As a teenager, I swore I was going to write romance novels when I grew up. I didn’t necessarily see myself as a full-time novelist, but I was convinced that at some point in my life, I would pen love stories.
It took me twenty-five years to make good on that promise, even though I occasionally scribbled down ideas about characters and plots. Why?
When I did start writing that first book, I stopped after I was about a third of the way in and put it down for over a year. Why?
Fear kept me from joining a critique group for some time, even though I’d long known about it. And fear had me quaking in my boots the first time I ever submitted chapters to that group, though everyone was kind and the response was largely positive.
I remember my veins singing with anxiety and my heart pounding the first time I hit the “Send” button and sent a query to an agent. What had me literally shaking?
Sense a pattern? Oh, I know I’m not alone. I know fear is an emotion that dogs most of us at some point or other in our lives. I know fear is often a topic of conversation at writer’s conventions or in writing books, or blogs, or what have you. I know I am not unique.
I am, however, frustrated. All of the things mentioned above I did. I did them. In spite of fear. And I’m still alive. So why can’t my brain accept that and let go of this paralyzing anxiety response whenever I am faced with something new?
Last weekend I attended my first ever Virginia Romance Writers meeting, where speaker, writer, and editor Cathy Yardley presented on time management and balance in one’s writing life. One of the topics she addressed? Fear.
I was particularly impressed when she suggested that rather than decrying fear, rather than denying it, or begrudging it, we should look at it for what it is. We should thank it. We should thank our fear, because fear’s basic purpose is that of protection. Fear keeps us from making stupid decisions, whether chasing that wooly mammoth or challenging the MMA fighter who took our parking space. Fear was given to us for a reason.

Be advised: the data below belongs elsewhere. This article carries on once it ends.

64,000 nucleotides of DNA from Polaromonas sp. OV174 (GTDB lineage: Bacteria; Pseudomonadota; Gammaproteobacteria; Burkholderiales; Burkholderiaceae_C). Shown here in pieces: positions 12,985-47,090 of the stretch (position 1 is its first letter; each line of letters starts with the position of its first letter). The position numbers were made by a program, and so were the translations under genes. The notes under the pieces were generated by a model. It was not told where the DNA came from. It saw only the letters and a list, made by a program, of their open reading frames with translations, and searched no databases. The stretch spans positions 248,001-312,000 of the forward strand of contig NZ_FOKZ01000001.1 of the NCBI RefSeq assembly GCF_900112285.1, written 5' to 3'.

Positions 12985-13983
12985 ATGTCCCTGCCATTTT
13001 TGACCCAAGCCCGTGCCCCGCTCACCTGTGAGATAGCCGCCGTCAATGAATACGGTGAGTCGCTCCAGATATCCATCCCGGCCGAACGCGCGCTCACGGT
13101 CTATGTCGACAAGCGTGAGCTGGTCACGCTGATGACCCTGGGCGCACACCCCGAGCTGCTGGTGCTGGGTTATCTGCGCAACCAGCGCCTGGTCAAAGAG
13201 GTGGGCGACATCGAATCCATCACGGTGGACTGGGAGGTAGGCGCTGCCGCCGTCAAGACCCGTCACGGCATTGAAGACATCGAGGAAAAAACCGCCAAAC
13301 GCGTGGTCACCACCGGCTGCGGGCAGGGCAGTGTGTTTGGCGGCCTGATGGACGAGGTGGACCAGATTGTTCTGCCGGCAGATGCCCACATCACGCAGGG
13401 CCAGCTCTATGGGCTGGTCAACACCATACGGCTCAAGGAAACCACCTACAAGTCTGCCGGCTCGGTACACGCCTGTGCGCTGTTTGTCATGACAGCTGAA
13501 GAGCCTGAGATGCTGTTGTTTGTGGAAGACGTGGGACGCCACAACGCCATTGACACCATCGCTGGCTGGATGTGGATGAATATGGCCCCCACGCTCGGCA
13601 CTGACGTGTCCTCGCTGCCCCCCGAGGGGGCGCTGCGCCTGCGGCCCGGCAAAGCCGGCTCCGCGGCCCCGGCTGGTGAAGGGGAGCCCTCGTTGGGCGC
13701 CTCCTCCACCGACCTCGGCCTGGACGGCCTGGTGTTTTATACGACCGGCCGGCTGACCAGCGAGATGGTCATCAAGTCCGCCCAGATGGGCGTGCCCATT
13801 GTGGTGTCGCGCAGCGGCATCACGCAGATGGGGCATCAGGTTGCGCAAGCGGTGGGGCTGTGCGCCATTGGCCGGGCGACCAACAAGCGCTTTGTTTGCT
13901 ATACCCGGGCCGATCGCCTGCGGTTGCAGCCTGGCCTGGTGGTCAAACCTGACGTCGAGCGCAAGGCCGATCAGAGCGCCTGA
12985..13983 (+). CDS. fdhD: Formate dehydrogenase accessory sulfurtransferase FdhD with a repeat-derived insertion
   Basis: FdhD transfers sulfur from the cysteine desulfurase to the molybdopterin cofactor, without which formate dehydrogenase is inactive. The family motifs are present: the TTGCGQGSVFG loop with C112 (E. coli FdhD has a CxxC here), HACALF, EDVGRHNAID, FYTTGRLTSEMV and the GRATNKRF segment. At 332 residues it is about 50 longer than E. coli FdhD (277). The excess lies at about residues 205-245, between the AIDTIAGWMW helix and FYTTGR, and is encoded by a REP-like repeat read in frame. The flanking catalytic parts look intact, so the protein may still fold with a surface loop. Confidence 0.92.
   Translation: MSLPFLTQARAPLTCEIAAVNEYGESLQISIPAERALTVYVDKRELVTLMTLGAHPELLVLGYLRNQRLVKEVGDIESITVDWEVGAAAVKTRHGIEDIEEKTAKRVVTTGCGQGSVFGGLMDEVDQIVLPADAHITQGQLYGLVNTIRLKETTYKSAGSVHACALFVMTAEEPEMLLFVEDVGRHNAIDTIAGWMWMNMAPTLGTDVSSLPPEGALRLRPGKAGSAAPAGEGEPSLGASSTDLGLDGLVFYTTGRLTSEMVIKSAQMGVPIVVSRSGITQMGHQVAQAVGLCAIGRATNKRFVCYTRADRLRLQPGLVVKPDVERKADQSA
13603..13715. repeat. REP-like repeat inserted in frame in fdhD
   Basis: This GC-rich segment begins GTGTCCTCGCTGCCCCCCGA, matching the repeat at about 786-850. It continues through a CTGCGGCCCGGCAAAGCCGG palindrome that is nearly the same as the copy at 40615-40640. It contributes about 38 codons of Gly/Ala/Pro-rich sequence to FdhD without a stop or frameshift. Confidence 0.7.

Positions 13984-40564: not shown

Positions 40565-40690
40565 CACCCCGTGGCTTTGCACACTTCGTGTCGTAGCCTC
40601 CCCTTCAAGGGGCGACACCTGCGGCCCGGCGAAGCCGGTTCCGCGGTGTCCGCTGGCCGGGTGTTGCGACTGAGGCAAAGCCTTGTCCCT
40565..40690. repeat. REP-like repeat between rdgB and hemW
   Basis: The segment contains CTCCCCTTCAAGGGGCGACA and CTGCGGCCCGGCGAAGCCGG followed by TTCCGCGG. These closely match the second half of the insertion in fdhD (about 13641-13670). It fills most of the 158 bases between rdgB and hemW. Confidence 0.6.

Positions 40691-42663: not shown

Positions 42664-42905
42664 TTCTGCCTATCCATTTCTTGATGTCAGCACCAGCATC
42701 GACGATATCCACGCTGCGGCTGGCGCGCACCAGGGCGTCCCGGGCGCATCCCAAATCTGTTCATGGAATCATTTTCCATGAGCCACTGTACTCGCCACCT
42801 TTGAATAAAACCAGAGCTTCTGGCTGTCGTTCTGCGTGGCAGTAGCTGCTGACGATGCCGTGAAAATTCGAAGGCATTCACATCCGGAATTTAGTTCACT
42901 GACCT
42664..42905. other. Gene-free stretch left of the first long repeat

But thank my fear? Me, who’s always wrestled with far too much of it? I don’t know if I’m there yet. I do know I left that meeting pumped up by both the message and the company; I’d met other romance writers who are seriously pursuing their craft, and I couldn’t wait to solidify my connection with them, to get to know them, to share this journey with them.
Or so I thought. Once home, I felt the confidence start to dissipate. Instead of focusing on all the positives and putting into practice the wisdom I’d received, I started to feel scared. A lot of the women in that room were published authors. Many more had finaled or won contests.
When I got an email from fellow VRW members looking to form a critique group, an idea we’d bandied about at lunch, I immediately felt overwhelmed. “I can’t take that on,” my brain screamed. “I’m already leading a critique group here, plus working with several close writing friends, and I’m trying to finish this second novel and start the third, plus I’m querying agents.” Blah blah blah. Within five minutes I’d convinced myself I shouldn’t join the new critique group.
It was only yesterday that I admitted it wasn’t lack of time. It was fear. Fear of not being good enough, fear that maybe these bright women with so much more experience under their belts, with so many more successes, would read my writing and instantly recognize me as a fraud. (My inner Nervous Nelly has a Drama Queen complex.)
Today I wrote to the group and confessed my fear, and said I would still like to be a part.
The good news is, I’m doing stuff anyway. I’m doing it in spite of the fear.
The bad news is, fear still lays me low far too often. Yesterday I received three rejections, including one from an agent who’d liked my query and had requested a manuscript partial. I won’t lie; I got very down on myself. I spent the day feeling miserable, convincing myself landing an agent was never going to happen. I then freaked out thinking about what could happen if an agent did want to represent me (considering I do have a couple fulls out).
See, that’s the funny thing about me. I don’t just fear failure; I fear success.
Am I the only one?
Regardless, I sit here today, proud to say (type) that I’m still doing it anyway. I’m still pushing forward. I’m still writing (7500 words in the last three days alone). I’m still hoping an agent will at some point love my work, and still planning what comes next in case they don’t.
I’m still doing it, even in the midst of anxiety.
For now, that’s accomplishment enough.